Businesses around the world have slowly come to understand that they have a broader responsibility to society, beyond their responsibility to their investors. But in many cases, there is little evidence of this understanding being put to practice. That is where an external push becomes useful.
The Indian government’s 2011 guidelines on the social, environmental and economic responsibilities of business and the requirement for corporations to spend 2 per cent of profit after tax is unique. In 2019, when the guidelines were revised to be aligned with the UN’s Sustainable Development Goals (SDGs), it further strengthened the objectives of the government’s intent. There is now a wealth of data in corporate annual reports to analyse the impact, as well as the areas where it has been more successful. I looked at one annual report recently: a multi-divisional company operating in oil refining, petrochemicals, retail, digital services and media. Several of these areas would attract the concerns of environmental activists, and so the companies face an uphill battle to convince us of responsible behaviour.
But surely we do not want our organisations to be content with just spending a small part of their money responsibly; we want their overall behaviour to be responsible. This would include choice of technology, plant location and so on, not just digging wells in the village.
Former UN Secretary General Kofi Annan introduced in 2006 the novel idea of a ‘Global Compact’ to direct organisations to behave more responsibly. This has since been expanded to 10 principles in the four areas of human rights, labour, environment and anti-corruption. Although participation in the Compact is voluntary, the objective is holistic as it aims to influence the way in which corporations make decisions. A company hoping to join the Compact is expected to pass a board resolution to that effect, commit to governance along those principles, execute strategy accordingly and report annual progress.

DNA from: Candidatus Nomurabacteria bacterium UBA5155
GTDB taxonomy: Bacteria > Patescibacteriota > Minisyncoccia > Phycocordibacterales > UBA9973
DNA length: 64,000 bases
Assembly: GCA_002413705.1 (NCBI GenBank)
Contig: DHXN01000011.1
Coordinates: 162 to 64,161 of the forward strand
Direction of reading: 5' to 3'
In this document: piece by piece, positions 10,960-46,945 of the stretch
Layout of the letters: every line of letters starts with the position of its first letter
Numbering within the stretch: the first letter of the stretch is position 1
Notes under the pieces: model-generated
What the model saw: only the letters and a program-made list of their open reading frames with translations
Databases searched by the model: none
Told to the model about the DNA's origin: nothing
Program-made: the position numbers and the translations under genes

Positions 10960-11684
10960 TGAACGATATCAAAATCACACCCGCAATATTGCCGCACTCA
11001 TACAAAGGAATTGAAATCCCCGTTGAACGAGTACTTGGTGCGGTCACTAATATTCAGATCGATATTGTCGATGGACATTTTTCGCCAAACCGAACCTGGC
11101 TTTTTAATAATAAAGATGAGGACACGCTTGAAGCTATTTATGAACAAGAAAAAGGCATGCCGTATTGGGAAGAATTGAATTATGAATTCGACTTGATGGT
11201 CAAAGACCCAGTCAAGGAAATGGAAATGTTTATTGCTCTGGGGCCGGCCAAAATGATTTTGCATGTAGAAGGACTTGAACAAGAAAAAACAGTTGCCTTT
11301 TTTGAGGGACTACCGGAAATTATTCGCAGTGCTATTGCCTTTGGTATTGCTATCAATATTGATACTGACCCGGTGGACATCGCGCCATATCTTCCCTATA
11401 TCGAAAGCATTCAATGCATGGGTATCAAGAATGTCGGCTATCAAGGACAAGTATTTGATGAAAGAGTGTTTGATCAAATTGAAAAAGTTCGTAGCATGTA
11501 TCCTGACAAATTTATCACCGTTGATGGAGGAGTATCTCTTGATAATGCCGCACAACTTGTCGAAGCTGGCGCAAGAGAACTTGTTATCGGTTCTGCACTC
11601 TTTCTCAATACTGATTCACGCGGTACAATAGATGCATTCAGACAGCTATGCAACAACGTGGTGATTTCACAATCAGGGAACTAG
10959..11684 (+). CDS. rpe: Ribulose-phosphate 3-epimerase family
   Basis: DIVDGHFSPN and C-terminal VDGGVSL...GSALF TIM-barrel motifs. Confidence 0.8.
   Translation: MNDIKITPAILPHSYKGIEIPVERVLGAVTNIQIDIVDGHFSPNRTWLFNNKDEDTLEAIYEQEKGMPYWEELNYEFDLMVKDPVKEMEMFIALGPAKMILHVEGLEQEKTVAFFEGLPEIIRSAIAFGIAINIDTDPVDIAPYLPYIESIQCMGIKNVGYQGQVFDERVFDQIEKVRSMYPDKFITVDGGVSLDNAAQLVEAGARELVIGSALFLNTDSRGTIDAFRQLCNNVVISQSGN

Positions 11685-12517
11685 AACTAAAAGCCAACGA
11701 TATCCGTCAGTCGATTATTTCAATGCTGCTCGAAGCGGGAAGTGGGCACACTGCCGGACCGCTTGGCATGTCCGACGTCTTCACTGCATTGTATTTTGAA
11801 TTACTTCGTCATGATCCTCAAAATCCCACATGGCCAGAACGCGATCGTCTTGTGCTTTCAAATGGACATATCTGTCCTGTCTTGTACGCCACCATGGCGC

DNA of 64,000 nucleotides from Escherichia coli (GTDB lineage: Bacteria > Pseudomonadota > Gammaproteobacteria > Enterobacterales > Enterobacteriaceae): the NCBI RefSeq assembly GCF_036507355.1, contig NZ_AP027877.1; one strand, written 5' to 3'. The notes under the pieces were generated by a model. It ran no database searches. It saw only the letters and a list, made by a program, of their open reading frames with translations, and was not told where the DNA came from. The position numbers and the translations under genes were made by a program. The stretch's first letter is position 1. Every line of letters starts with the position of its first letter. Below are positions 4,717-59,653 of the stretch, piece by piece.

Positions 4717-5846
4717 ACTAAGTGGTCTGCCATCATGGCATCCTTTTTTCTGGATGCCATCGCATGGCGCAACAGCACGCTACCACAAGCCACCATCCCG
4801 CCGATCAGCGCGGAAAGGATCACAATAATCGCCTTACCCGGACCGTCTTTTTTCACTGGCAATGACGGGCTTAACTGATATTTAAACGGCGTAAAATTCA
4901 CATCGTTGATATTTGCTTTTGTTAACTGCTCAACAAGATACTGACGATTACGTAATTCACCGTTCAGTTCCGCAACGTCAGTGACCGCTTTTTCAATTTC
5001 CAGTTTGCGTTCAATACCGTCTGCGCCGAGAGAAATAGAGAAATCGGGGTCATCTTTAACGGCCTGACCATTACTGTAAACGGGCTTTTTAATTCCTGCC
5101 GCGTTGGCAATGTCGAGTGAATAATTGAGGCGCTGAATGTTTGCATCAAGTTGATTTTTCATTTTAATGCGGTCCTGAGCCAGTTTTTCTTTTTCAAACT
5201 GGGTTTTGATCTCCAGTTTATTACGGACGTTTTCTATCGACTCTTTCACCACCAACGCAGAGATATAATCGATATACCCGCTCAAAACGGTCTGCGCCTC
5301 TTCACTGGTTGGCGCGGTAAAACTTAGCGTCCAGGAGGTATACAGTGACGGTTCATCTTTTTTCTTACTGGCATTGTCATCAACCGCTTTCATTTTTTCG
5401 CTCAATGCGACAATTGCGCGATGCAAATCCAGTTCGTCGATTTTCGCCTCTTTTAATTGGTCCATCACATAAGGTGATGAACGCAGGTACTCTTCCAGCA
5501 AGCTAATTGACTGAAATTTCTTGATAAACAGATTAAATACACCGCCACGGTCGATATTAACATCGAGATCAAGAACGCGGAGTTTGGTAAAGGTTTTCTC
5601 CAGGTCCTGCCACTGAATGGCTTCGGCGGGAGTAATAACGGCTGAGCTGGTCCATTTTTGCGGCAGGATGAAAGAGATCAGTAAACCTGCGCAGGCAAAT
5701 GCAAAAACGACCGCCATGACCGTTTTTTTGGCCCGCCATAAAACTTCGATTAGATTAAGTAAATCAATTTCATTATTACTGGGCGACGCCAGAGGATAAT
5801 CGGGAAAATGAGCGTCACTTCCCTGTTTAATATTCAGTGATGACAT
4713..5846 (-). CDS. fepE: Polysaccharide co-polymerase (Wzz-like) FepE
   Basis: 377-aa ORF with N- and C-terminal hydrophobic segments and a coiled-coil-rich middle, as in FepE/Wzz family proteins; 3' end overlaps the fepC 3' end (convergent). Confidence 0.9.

This attitude is now also impacting business literature. After treating business strategy as only being focussed on competitive success, responsible behaviour has been seeping into the way strategy is taught in business schools. A recent book — Responsible Business, Kogan Page, 2018 — tries to introduce a simulator to help make responsible decisions. Written by three academics from The Netherlands, the book is about how strategic decisions can be directed to benefit what is known as the triple bottom line — people, planet and profits.
The business simulator is a mathematical model to make the strategic decision-making process objective. It helps by calculating different scenarios of the impact of sustainable investments on operational results. Yet, this model is for believers, namely, organisations already committed to incorporating sustainable practices.
Examining the 52 pages devoted to ‘sustainable growth’ in the annual report I was reviewing, I begin to wonder how much is wordsmithing and how much is true change. For instance, under the SDG of ending poverty, the company describes how it has appreciated a village leader with an award for farm innovation. I could not make the connection. Several other projects that the company describes are indeed impressive, and my comment is not to detract from its achievements. Yet, the description of its corporate governance is about following guidelines and being regulatory compliant. The question that remains is how far corporate spending on health, water, education and rural development has led to a change of heart in governance and strategy.
The writer is with Suffolk University, Boston